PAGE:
Saturday, December 5, 2009

The world banks on India: Robert Zoellick

Robert Zoellick has seen a lot change over the course of a long career, first in the US government, now as the World Bank president.
World Bank But perhaps the most startling change is in the way the world views India.

‘‘The outside world’s image of India now is of cutting-edge competitive companies that are going to take jobs away from the developed world. I get more and more voices coming from Europe and North America saying, ‘Why should we give money to India when they’re going to be a threat to our businesses?’ I have to constantly explain the huge income diversity of India and the fact that a lot of development work still needs to be done,’’ he chuckles.

In an exclusive interview to TOI, Zoellick also dwelt on how the growing strength of India-US ties has proved helpful to him. “I’m eventually going to have to go to the US Congress to seek its support for an increase in the World Bank’s capital. I spoke to the Confederation of Indian Industry and said, ‘Maybe you can help me because I know there’s a strong India Caucus in Washington. Together we can make a case that an increase in the Bank’s capital would help India’s development’.”

Wrapping up a four-day visit to the country, Zoellick praised India’s “strong crisis management” and said it was playing an important role in leading a global recovery. “We all look to India now as a rising global economic power and in our interconnected world it has played a helpful role over the tough moments of the past year,” he said.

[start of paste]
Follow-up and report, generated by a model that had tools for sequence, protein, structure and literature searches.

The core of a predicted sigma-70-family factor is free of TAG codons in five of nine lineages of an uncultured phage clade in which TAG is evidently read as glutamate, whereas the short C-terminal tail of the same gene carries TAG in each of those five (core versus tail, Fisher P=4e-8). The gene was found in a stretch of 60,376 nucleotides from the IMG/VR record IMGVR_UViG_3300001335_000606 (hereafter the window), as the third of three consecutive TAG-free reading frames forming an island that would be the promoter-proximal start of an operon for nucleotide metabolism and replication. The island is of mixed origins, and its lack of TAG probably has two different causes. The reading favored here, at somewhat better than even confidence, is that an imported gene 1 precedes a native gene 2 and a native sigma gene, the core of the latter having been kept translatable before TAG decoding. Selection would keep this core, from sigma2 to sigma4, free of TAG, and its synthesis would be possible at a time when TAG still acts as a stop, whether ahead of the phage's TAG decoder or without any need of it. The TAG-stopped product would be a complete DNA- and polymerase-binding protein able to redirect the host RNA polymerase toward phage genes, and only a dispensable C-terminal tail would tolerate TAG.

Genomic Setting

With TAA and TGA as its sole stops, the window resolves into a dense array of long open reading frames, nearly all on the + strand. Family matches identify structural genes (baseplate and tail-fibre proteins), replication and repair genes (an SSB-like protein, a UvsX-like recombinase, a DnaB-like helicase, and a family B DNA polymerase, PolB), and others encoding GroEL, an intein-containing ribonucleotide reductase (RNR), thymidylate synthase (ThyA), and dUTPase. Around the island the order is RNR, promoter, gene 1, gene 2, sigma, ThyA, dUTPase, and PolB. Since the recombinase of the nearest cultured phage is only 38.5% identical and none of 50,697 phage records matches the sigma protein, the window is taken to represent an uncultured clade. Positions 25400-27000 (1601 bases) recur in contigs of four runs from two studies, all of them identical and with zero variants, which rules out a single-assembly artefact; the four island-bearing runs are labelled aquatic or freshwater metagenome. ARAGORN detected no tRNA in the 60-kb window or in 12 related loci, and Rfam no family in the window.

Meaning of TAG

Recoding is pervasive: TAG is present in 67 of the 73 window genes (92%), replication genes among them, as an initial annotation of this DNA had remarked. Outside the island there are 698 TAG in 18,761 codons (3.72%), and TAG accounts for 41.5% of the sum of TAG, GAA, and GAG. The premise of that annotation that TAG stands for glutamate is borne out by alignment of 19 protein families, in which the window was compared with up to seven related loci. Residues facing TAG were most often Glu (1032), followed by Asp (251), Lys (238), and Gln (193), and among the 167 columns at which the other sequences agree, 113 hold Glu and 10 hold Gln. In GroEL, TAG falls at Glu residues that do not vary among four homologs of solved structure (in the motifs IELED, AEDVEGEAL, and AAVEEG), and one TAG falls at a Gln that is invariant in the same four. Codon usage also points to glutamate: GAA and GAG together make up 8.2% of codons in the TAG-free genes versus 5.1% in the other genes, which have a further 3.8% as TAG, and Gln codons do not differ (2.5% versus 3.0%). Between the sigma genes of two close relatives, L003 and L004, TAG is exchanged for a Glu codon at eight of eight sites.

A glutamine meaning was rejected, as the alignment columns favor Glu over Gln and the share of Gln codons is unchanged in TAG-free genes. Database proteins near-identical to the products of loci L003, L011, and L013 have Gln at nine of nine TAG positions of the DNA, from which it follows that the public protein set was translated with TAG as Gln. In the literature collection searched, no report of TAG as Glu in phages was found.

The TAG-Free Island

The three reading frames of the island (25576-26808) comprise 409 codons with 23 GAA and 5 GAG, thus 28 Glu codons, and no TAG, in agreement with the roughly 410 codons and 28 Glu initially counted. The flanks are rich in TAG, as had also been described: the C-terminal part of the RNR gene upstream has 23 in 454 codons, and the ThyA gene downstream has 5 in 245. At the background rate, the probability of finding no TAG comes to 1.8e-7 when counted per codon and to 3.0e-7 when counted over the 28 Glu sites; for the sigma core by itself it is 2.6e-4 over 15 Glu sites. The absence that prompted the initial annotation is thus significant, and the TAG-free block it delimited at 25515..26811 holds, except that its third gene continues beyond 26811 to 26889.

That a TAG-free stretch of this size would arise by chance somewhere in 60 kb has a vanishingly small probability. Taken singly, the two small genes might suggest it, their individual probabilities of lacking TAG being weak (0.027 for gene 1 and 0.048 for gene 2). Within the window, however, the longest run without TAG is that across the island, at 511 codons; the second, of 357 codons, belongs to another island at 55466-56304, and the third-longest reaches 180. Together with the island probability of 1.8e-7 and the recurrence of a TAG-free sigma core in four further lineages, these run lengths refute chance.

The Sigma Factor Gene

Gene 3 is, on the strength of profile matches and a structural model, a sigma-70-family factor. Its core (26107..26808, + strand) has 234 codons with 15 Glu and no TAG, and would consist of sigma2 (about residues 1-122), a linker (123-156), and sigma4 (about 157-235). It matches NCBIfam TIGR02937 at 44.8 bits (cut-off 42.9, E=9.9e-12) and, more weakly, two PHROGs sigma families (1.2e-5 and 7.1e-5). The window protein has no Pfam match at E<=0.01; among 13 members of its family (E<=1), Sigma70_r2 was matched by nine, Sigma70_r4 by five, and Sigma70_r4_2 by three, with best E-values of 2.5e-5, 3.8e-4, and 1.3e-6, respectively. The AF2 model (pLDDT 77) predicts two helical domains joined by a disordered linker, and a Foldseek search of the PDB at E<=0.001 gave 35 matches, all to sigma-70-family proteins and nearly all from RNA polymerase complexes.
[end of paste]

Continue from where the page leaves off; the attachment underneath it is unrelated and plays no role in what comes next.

But he brushed aside a suggestion that the strong showing of the Indian and Chinese economies — at a time when the US and other developed countries are still struggling — might decisively shift the balance of power and make this the Asian Century.

‘‘Two centuries ago, India and China probably accounted for 20-25% of the world’s GDP each. For a variety of reasons, their share dropped dramatically thereafter. It’s natural that their share will increase again. But I personally think that the US retains a huge amount of dynamism and it’s not going away anywhere. When I visit India and China, I find a lot of people wanting to deepen their ties with the US. There has been a greater distribution of growth and opportunity in recent times, which is great. But I don’t see it as the Asian Century or the American Century or the European Century. I see it as the challenge of how to get the globalization process to work more effectively for everyone.”

Speaking specifically about the Bank’s role in India, Zoellick said he favoured a shift in strategy to get “more bang for the buck”. “Our current portfolio of commitments is $22 billion. That includes $3.4 billion a year from the International Finance Corporation (the Bank’s private sector arm). India is the primary country for IFC, we have more investments here than anywhere else.

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